COVID-19 and Mental Health (CMH) Initiative: Research

Stress, Burnout and Depression In Women in Health Care during COVID-19 Pandemic: Rapid Review

Key Messages

Our preliminary findings show that women HCWs are at increased risk for stress, burnout, and depression during the COVID-19 pandemic. More specifically, younger women and mid-career women are more vulnerable to anxiety, stress, depression and burnout. These negative outcomes are triggered by individual-, organizational-, and systems-level factors. There is a limited amount of evidence on effective interventions that prevents anxiety, stress, burnout and depression during a pandemic

Lay Summary

In this preliminary rapid review, we synthesized evidence from 32 studies examining stress, burnout, and depression triggers in women in health care and the interventions that can prevent them. There is a large volume of studies examining the prevalence of mental health issues among HCWs working during the COVID-19 pandemic. However, there was a significant variability in the tools used to measure mental health. This limits the generalizability of our findings. The current literature showed that women HCWs present high levels of anxiety, depression, and burnout. We identified a broad number of common triggers, including individual-level factors, such as age, family status,    factors relating to work conditions such as access to PPE, training and preparedness to care for COVID-19 patients , and systems-level factors such as clear guidelines, recognition for the work. The current literature lacks data on women’s socioeconomic, cultural and ethno-racial differences in mental

Mental health services such as online resources, psychological assistance hotlines, and group activities for stress reduction are poorly utilized  where as online-push messages of mental health self-help and self-help books are mostly preferred by women HCWs. Measures to support HCWs financially, provision of rest areas for sleep and recovery, care for basic physical needs such as food , training programs to improve resiliency , information on protective measures , access to leisure activities  and counsellors if needed were considered useful in supporting HCWs during the pandemic.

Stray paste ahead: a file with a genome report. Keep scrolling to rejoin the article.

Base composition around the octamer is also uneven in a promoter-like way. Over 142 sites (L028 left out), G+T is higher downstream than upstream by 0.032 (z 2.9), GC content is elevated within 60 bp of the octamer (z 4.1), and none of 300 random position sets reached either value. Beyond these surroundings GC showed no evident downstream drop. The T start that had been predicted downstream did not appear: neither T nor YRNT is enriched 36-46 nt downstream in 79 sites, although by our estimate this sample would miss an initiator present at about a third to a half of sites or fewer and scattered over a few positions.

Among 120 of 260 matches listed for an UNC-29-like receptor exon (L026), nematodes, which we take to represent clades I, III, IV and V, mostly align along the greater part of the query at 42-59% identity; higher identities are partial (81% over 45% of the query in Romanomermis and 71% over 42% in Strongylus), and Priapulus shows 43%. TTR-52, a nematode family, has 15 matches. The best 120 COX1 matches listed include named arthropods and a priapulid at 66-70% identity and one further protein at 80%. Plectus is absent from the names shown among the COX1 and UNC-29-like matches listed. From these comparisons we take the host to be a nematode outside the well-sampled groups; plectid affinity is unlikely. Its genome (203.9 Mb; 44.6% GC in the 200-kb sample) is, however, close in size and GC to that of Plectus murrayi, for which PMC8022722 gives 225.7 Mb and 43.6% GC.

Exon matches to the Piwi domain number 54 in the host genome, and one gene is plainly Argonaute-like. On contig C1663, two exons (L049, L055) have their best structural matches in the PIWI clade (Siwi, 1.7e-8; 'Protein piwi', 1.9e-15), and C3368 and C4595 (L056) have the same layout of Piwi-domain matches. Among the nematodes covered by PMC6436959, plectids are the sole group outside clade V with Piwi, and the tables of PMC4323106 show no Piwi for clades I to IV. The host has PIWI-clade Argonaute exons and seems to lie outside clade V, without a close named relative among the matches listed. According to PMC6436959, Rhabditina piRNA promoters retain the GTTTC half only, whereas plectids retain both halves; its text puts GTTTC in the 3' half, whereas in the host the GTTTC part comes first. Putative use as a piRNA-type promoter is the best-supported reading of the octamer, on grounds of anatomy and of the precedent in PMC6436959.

Keywords

  • Coronavirus
  • COVID-19
  • Women in health care
  • Stress
  • Burnout
  • Depression

Author(s)

  • Nominated Principal Applicant: Abi Sriharan, Institute of Health Policy, Management and Evaluation, Dalla Lana School of Public Health, University of Toronto
  • Savithiri Ratnapalan, Department of Pediatrics and Dalla Lana School of Public Health, University of Toronto.  Hospital for Sick Children, Toronto
  •  Andrea Tricco, Li Ka Shing Knowledge Institute, St. Michael’s Hospital, Unity Health Toronto; Epidemiology Division and Institute of Health Policy, Management and Evaluation, Dalla Lana School of Public Health, University of Toronto, Queen’s Collaboration for Health Care Quality Joanna Briggs Institute Centre of Excellence, Queen’s University
  • Doina Lupea, Physician Health Program, Ontario Medical Association

For more information, please contact: Abi Sriharan, abi.sriharan@utoronto.ca

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Population

Vulnerable or At-Risk Populations, Healthcare, Front-line Workers and Public Safety Personnel

Language

To ensure the rapid dissemination of this critical information, information is published in the language in which it was submitted. Please contact us for French or English translations.

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